Witchcraft is a phenomenon that has captured the minds of millions since the beginning of history. These so-called witches have caused fear, hatred, interest, widespread panic, and a variety of other emotions in other people from all over the world. Every society and civilization on this planet have all some form of witchcraft in their history. Witchcraft itself has a deep history of its own causing it to be recognized in literature and modern society.
First, witchcraft has a very fascinating history, which is fairly important to discuss. Because much of its history is shrouded in superstition and has not properly been recorded, its exact history is hard to explain. It is easier to see witchcraft as a mindset or belief than an organized institution. According to Montague Summers, “witches can be described as heretics and anarchists,” most of which follow the chief of demons, also known as the Devil. Obviously Mr. Summers, along with many other people, takes a pessimistic view towards the realm of witchcraft. Among these anti-witch enthusiasts was Henry VIII, who was the first king of England to pass Statute against the practice of witchcraft. Many kings who ruled after Henry VIII also created statutes against witchcraft. James I made one in 1604, which was repealed over a century later in 1736. Throughout the centuries in England, strict laws and numerous trials were held against suspected witches. Some of the more notable trials include the Chelmsford trials in 1566, 1579, and 1589, the trials in Lancashire in 1612, and the Staffordshire trials in 1597. Some cases even tried people posing as witches like Thomas Darling, John Smith, and William Perry. Many books had been written at the time about the subject of witchcraft like Demonology, Discovery of Witches, Discovery of Witchcraft, and Dr. Lamb’s Darling. (Wysiwyg://7/http://www.geocities.com/Athens/2962/witchcraze/time_england.html)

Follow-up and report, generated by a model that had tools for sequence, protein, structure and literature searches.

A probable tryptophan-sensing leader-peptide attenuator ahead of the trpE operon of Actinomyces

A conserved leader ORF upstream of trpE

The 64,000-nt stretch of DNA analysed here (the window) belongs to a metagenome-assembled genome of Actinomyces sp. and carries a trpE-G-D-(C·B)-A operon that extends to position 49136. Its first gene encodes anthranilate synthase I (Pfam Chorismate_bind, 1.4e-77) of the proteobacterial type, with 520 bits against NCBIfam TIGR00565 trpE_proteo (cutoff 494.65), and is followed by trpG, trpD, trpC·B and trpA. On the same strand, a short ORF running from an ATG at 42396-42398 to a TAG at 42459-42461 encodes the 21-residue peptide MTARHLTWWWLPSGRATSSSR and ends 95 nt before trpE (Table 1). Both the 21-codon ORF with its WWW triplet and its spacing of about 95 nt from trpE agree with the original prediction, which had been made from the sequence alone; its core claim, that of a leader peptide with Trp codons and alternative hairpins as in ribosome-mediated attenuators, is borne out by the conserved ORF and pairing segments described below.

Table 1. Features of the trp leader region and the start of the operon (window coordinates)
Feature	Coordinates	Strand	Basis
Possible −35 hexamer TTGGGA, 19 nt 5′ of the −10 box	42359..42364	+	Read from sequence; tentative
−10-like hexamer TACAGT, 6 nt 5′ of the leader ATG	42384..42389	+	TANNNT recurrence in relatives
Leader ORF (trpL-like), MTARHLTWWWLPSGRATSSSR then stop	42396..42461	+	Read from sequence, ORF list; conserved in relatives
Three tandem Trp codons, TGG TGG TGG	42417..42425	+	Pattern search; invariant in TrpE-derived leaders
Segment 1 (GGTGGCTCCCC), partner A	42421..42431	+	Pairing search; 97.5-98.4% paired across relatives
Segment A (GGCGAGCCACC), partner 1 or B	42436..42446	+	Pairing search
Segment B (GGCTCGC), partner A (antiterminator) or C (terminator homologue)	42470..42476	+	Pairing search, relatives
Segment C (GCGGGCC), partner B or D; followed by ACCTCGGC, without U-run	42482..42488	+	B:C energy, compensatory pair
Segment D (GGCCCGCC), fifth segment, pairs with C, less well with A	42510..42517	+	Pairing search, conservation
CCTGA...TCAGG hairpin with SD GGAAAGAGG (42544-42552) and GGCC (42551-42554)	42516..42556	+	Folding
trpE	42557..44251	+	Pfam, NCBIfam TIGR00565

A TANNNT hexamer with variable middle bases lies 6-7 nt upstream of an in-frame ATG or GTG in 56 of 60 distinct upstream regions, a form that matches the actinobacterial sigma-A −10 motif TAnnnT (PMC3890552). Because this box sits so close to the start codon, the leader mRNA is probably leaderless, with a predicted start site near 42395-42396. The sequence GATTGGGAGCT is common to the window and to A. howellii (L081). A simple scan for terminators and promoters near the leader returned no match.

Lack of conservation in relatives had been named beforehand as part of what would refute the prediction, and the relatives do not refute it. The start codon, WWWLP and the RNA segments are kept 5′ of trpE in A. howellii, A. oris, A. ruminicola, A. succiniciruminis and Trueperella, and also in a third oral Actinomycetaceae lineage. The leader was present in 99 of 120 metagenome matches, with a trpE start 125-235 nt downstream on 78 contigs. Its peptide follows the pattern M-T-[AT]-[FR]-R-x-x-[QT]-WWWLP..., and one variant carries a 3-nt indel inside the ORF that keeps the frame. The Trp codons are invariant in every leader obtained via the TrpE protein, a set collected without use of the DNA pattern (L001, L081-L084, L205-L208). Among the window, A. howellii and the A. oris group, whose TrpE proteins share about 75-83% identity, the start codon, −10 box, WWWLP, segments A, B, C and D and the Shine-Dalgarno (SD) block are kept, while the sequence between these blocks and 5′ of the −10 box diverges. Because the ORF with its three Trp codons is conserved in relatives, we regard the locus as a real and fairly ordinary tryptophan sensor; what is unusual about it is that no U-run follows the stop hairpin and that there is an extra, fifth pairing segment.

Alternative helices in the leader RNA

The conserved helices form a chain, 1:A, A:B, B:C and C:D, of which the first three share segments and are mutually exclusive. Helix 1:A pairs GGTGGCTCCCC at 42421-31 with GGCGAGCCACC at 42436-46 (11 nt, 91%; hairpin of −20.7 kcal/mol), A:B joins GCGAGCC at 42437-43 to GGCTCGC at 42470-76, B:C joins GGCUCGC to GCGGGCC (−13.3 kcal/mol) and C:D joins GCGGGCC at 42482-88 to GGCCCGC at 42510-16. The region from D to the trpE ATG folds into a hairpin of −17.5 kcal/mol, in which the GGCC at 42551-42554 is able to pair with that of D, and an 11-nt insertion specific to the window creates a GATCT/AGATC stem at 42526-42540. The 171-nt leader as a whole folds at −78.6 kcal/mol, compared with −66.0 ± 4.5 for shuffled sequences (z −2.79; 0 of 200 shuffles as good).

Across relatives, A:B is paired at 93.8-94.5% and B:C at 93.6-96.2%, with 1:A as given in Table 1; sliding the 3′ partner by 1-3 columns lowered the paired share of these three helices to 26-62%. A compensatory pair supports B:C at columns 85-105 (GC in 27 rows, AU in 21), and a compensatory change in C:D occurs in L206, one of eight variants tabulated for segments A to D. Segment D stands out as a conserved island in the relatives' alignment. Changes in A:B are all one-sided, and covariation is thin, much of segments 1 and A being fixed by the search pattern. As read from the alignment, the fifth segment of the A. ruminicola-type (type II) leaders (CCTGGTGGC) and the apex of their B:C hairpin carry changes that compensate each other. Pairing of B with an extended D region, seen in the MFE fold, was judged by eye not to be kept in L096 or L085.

Second, witchcraft is recognized around...
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